The Columbus Dispatch.
Thanks to Dispatch Reporter Rita Price for her July 2 article about a young woman who is a U.S. citizen but still has been unable to obtain a state ID because her mother is undocumented.
She is far from alone in Columbus. A study commissioned by the Columbus City Council estimates there are more than 80,000 Columbus residents who either struggle to obtain or simply cannot obtain a secure photo ID. Without an ID people can’t apply for work or start businesses, open bank accounts, enter public buildings or do many other things those with ID tend to take for granted. ID equals opportunity.
In the past 12 years, dozens of U.S. cities including Providence, Philadelphia, Chicago, Minneapolis and New York have established secure local municipal ID programs. A municipal ID validates a person’s identity and residence. It cannot be used to board an airplane or to drive but increases opportunity in many other ways, particularly for the most vulnerable.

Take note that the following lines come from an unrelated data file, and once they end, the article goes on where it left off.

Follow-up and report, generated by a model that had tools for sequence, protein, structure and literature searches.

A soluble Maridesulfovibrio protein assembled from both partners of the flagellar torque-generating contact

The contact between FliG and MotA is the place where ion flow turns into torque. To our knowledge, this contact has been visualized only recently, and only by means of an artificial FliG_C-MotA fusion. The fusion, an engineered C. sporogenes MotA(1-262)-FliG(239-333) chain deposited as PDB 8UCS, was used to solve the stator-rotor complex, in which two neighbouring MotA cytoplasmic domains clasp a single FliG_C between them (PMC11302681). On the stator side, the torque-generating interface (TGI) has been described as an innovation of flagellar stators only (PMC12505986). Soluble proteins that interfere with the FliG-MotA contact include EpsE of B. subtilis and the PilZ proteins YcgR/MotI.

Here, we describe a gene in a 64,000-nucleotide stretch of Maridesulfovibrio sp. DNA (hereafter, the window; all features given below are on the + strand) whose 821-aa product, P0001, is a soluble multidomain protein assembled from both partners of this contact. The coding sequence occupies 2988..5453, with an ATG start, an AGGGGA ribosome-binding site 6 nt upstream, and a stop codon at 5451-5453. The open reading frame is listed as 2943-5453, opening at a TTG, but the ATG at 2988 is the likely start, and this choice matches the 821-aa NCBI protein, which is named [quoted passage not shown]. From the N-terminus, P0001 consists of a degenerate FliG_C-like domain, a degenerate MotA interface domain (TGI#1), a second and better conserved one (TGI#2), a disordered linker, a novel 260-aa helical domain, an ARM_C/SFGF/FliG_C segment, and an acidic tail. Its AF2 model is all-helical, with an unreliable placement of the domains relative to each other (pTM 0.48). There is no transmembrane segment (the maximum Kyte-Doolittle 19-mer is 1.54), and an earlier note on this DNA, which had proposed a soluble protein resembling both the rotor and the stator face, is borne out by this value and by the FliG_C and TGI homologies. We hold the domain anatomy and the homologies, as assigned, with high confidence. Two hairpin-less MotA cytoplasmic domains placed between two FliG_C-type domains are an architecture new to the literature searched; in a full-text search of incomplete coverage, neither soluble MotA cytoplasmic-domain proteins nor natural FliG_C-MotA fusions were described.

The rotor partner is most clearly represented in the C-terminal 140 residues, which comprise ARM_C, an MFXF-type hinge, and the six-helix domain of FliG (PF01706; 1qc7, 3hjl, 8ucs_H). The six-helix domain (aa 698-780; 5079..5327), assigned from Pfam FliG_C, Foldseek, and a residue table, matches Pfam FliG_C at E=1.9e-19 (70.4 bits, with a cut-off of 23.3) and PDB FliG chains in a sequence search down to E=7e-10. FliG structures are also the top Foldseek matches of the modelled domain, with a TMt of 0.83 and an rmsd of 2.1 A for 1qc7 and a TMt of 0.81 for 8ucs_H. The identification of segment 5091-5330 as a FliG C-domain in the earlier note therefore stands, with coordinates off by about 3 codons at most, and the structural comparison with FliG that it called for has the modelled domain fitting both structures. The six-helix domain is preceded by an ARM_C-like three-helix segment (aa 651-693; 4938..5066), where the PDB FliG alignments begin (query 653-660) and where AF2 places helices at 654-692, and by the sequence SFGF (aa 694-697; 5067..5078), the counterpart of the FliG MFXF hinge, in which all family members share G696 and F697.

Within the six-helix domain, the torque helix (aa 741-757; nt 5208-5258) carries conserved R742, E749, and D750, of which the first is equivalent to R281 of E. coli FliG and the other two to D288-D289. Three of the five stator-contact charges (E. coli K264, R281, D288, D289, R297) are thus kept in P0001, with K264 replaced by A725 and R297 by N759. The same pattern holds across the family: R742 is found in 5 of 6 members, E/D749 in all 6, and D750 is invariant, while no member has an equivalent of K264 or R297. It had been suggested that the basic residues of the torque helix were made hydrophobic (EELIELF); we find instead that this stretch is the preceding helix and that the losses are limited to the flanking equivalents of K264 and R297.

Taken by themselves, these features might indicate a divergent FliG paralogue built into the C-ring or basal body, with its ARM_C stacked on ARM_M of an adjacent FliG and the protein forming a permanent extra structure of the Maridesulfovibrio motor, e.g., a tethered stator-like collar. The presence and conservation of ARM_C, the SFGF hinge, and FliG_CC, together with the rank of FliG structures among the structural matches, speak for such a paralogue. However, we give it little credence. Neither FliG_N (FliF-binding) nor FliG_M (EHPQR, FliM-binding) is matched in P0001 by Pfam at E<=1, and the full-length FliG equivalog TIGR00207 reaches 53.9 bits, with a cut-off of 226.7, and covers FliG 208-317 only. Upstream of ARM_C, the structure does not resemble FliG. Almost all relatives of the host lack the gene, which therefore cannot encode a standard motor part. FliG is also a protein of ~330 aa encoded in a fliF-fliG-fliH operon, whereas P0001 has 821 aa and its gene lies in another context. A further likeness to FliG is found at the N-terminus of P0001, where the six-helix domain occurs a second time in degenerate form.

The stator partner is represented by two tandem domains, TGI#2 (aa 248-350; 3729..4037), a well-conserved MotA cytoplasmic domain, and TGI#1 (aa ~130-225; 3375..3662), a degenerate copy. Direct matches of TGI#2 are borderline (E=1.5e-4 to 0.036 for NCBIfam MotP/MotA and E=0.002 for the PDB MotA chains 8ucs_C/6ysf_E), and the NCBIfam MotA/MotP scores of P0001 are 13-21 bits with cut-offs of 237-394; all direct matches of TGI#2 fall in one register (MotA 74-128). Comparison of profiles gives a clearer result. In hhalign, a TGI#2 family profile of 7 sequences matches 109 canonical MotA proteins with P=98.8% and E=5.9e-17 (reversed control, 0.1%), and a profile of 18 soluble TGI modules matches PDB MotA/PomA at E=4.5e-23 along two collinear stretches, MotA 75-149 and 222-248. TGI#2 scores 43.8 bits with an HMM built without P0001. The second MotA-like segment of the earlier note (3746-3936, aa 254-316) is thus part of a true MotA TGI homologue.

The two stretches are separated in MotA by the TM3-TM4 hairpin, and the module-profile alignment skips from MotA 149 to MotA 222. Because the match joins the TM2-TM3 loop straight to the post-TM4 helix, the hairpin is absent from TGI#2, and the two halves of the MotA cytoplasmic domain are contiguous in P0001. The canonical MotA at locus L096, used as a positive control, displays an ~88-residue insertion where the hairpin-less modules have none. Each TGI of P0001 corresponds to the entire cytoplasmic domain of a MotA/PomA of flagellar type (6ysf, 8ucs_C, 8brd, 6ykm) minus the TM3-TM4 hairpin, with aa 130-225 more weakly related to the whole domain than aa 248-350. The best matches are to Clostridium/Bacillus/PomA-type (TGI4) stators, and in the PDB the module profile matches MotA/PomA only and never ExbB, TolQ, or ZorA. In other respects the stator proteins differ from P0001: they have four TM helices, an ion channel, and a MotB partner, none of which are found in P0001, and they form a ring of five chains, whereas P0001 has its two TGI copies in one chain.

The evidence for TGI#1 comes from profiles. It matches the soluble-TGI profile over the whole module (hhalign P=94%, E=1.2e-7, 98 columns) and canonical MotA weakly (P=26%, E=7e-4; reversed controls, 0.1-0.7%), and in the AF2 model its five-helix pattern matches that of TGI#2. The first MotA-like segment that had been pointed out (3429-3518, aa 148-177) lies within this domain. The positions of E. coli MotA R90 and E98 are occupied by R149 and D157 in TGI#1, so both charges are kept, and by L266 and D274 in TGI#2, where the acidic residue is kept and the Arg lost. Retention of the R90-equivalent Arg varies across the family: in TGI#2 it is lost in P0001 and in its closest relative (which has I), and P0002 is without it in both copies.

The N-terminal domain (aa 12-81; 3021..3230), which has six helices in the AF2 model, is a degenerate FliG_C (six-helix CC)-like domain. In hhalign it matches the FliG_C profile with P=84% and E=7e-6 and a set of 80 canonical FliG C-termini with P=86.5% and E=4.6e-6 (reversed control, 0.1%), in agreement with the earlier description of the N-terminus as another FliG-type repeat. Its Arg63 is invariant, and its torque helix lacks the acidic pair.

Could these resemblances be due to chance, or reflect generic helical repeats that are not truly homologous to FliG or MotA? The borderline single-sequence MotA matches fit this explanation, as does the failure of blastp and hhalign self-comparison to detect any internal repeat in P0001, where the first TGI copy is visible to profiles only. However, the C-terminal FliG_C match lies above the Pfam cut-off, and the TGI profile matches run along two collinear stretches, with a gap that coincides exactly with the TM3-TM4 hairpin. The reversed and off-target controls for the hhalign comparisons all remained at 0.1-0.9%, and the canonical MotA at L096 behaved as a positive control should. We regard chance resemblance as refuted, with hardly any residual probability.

The Columbus Police Department has opposed the creation of a municipal ID that would be available to undocumented residents. This is unfortunate. The chief of police in Providence has asserted that their local ID program has made his city safer. New York City, which has issued more than 1.3 million local IDs in the past four years, is the safest big city in the United States and the NYPD was involved from the beginning in the planning and design of New York’s Municipal ID.
It is time for the Columbus City Council to do the right thing and establish a Columbus municipal ID.
Ed Hoffman, Columbus